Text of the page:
– ‘electricity is on target to provide 30% of electricity by 2020’

– ‘we don’t think that the answer is to provide more (renewable) electricity’

-‘ there is a greater role for electricity in transport’

Bizarrely the Committe didn’t ask the obvious question here, which is: if transport is to make a greater use of electricity to achieve its renewable energy targets, then wouldn’t it be sensible to make sure that there is greater capacity in the generation market to provide that renewable electricity? If we can provide more renewable electricity and (God forbid) exceed our electricity target to compensate for the lack of progress with heat and transport, wouldn’t that be a good thing? Sadly , no such question was forthcoming.

The Minister should be writing to the Dept of Transport to tell them that they are going to make use of more renewable electricity, that DECC is going to provide it, and to propose that they to work together to ensure that there are fleets of electric cars  and other vehicles ready to use this electricity by 2020.

There was also an opportunity to point out to the Minster that the cheapest way of meeting the heat targets is to reduce energy use, and some concerted action, like a replacement for the Green Deal would be a good start, but again, sadly, no such question was posed.

When asked how much of a fine the UK could face if it doesn’t meet its targets, the Minster robustly claimed not to know how much, and explained this away by saying ‘I am commited to making sure that the UK meets its targets’,  which is very reassuring, but at the same time a bit unbelieveable. The Minister was asked what policies she planned to introduce to meet the shortfall and responded with this gem:

-‘I have some ideas that I would like to take forward’ which are curently being evaluated under the Current Spending Review. I take this as Ministerial speak for , ‘I have made my point, I have given the options to the Treasury, they will say no, and I will be absolved of responsiblity’.

Expecting to produce new policies, implement them and to convert 4.5% of the UK’s energy demand to renewable sources by 2020 is simply unrealistic. It would be unlikely to happen even in a sympathetic Government, but particularly in the current fiscal environment where cuts to tax credits are off the table which will mean that cuts to absolutely everything else will be on the table, and given the recent behaviour of this Government there is zero chance that renewable energy targets are going to be a priority.

And in Other News...

There were a couple of unrelated gems in the session that will draw hollow laughter from many in the energy sector. When asked about investment plans for nuclear she stated:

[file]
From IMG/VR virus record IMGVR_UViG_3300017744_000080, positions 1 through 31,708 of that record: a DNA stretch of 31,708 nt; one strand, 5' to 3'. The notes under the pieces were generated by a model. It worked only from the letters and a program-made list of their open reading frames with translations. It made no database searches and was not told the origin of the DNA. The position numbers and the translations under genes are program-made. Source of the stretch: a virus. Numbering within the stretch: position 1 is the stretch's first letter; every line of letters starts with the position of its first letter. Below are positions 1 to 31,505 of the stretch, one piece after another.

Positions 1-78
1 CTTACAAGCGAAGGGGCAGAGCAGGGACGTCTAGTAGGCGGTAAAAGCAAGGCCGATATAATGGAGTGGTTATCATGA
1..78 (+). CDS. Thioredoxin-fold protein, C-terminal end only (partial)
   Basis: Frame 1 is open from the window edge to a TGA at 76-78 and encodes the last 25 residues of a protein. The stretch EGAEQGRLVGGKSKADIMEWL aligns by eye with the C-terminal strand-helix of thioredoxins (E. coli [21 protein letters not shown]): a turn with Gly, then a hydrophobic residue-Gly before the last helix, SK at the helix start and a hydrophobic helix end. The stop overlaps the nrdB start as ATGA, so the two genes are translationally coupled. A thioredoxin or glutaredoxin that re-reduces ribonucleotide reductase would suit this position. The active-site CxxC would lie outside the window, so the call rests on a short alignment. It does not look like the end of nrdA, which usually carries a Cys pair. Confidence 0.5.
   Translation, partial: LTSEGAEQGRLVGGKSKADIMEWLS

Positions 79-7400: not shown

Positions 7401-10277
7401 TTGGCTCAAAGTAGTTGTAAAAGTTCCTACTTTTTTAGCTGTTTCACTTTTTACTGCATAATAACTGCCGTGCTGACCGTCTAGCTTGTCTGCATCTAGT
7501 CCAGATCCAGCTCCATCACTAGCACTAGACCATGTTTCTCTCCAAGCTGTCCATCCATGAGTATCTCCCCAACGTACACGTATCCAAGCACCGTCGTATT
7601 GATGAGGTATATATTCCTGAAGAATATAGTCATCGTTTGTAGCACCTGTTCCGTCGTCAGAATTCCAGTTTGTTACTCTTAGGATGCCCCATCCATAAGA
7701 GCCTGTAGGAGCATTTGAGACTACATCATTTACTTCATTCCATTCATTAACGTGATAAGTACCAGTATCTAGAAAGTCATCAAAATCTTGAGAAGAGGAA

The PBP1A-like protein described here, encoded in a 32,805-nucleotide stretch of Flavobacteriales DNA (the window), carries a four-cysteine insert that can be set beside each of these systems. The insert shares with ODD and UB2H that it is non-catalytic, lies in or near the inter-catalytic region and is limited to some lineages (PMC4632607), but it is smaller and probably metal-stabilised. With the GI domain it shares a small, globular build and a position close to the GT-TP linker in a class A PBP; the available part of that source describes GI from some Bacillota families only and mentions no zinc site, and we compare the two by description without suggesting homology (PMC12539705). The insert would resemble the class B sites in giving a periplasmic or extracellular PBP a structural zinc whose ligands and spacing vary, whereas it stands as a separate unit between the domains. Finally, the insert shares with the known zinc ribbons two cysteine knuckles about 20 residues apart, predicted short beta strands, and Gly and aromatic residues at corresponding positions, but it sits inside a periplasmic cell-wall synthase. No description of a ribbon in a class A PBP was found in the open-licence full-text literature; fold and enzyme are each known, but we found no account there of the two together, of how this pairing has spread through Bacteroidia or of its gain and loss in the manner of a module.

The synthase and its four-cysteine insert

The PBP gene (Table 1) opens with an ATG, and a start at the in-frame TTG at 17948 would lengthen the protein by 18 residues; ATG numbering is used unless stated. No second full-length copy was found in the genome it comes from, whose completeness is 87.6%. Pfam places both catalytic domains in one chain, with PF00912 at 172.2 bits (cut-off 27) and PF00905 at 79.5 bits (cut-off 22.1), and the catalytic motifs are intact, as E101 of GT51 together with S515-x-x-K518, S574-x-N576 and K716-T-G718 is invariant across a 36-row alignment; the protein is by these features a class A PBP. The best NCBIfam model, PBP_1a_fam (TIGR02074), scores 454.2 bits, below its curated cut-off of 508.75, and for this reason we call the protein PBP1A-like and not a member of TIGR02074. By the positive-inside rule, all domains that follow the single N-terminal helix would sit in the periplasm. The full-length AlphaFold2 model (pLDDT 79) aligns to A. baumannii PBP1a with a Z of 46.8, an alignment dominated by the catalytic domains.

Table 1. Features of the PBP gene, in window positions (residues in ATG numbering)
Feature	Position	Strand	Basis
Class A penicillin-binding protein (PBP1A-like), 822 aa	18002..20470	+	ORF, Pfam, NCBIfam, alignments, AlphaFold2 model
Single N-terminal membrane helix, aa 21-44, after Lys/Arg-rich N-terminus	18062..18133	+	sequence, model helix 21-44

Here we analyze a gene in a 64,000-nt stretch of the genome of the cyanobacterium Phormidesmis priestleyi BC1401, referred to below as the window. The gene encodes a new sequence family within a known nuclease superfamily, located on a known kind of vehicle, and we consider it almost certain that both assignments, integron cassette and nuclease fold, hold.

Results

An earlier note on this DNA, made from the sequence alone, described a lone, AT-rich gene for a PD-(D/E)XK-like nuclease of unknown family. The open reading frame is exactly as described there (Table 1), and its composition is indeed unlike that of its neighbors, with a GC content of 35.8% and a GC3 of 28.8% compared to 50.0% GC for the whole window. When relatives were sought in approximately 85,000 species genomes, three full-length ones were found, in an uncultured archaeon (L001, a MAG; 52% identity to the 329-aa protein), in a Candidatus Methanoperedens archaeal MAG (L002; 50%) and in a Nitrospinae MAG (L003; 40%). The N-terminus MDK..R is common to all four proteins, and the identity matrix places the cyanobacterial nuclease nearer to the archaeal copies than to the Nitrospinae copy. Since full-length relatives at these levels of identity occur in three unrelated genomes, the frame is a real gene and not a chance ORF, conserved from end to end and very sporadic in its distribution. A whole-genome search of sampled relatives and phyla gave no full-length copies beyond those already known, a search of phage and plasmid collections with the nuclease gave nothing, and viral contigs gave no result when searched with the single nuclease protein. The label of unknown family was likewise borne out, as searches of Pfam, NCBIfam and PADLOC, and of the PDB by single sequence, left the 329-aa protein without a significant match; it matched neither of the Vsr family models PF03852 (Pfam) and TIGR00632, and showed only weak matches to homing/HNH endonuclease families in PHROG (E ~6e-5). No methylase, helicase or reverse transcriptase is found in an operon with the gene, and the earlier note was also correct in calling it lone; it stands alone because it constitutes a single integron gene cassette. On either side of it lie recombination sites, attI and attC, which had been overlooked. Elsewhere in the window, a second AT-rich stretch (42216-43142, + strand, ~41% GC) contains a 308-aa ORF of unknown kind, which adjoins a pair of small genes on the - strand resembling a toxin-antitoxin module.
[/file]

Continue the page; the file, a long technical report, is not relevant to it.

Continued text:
-‘the  last thing the energy sector needs is surprises’

and when asked about the options available for EDF if the Chinese were to pull out of the Hinkley deal, she stated without blinking, that

-if the Chinese pull out, EDF will find another investor’

Cue hollow laughter by every economist.

Where is the backbench opposition to Green cuts?

When the Tories won the election, I asked myself, and some colleagues, ‘who will keep them in check’? The answer from one particularly wise colleague was: ‘they will, they will keep themselves in check’. So it has proved to be. The response to the tax credit cuts from backbenchers and from Tories in the Lords has been decisive. (I was particularly surprised by the appearance of Lord Lawson voting against the Govt, I had long since dismissed him as a climate-change denying basket case, but it appears I might have been wrong about him, climate-change denier apart, he isn’t a basket case). Why then has there not been a similar response to the Tory dismantling of environmental legislation? In case you need a reminder of the damage, Here is a handy list, I suggest that you cut it out and keep it. Has there been any response from the Lords or the backbenches? No there hasn’t. Labour have been too busy deciding whether to elect Corbyn, and having elected him, whether they have consigned themselves to the opposition for a decade. [It is notable that the time when an opposition is most needed in modern politics is in the first year of a new term, so the policy of losing party leaders throwing themselves on their swords is exactly the wrong approach for an electorate that needs a strong opposition at the beginning of the new term. We don’t need a strong opposition leader to turn up when most of the policy changes have been made].

In the end, politicians across the spectrum don’t see these cuts to environmental legislation as a vote loser. The damage this is going to do to the renewables industry or to the climate is perceived to be either too small or too distant for them to worry about it. Whatever negative impact these cuts will have are too distant for politicians to worry about. What is startling about this is that the outcome is more similar to the impact of tax credits than they think. But since most of the people affected don’t have a vote in the UK they are not being considered in quite the same way.

The outcome of climate change on those affected will be much, much worse than any tax credit cuts. Instead of being a bit worse off, millions of people will be displaced. This article mentions some of the countries where a lot of people are likely to be displaced by sea level rises, picture the problems in East Africa if Ethiopia, Kenya and Somalia are strongly affected by climate change, as is predicted, and how an influx of refugees from those countries would affect Sudan, Uganda and the Congo? Given how much impact a mere two million refugees from Syria is having on the EU, how do we think the worlds politics, industries and economies would be affected by the movement of 150 million people?

Somehow we haven’t managed to couch the message about the dangers of runaway climate change in the right way. It is too much about energy, and too much about what needs to happen in the UK. We need to reinforce the message that the position of the UK on the world stage is at stake here, not as a Trident wielding superpower, but as a compassionate nation full of sympathy for those victimised by circumstances, through no fault of their own, impoverished by their history and at risk from our thoughtlessness.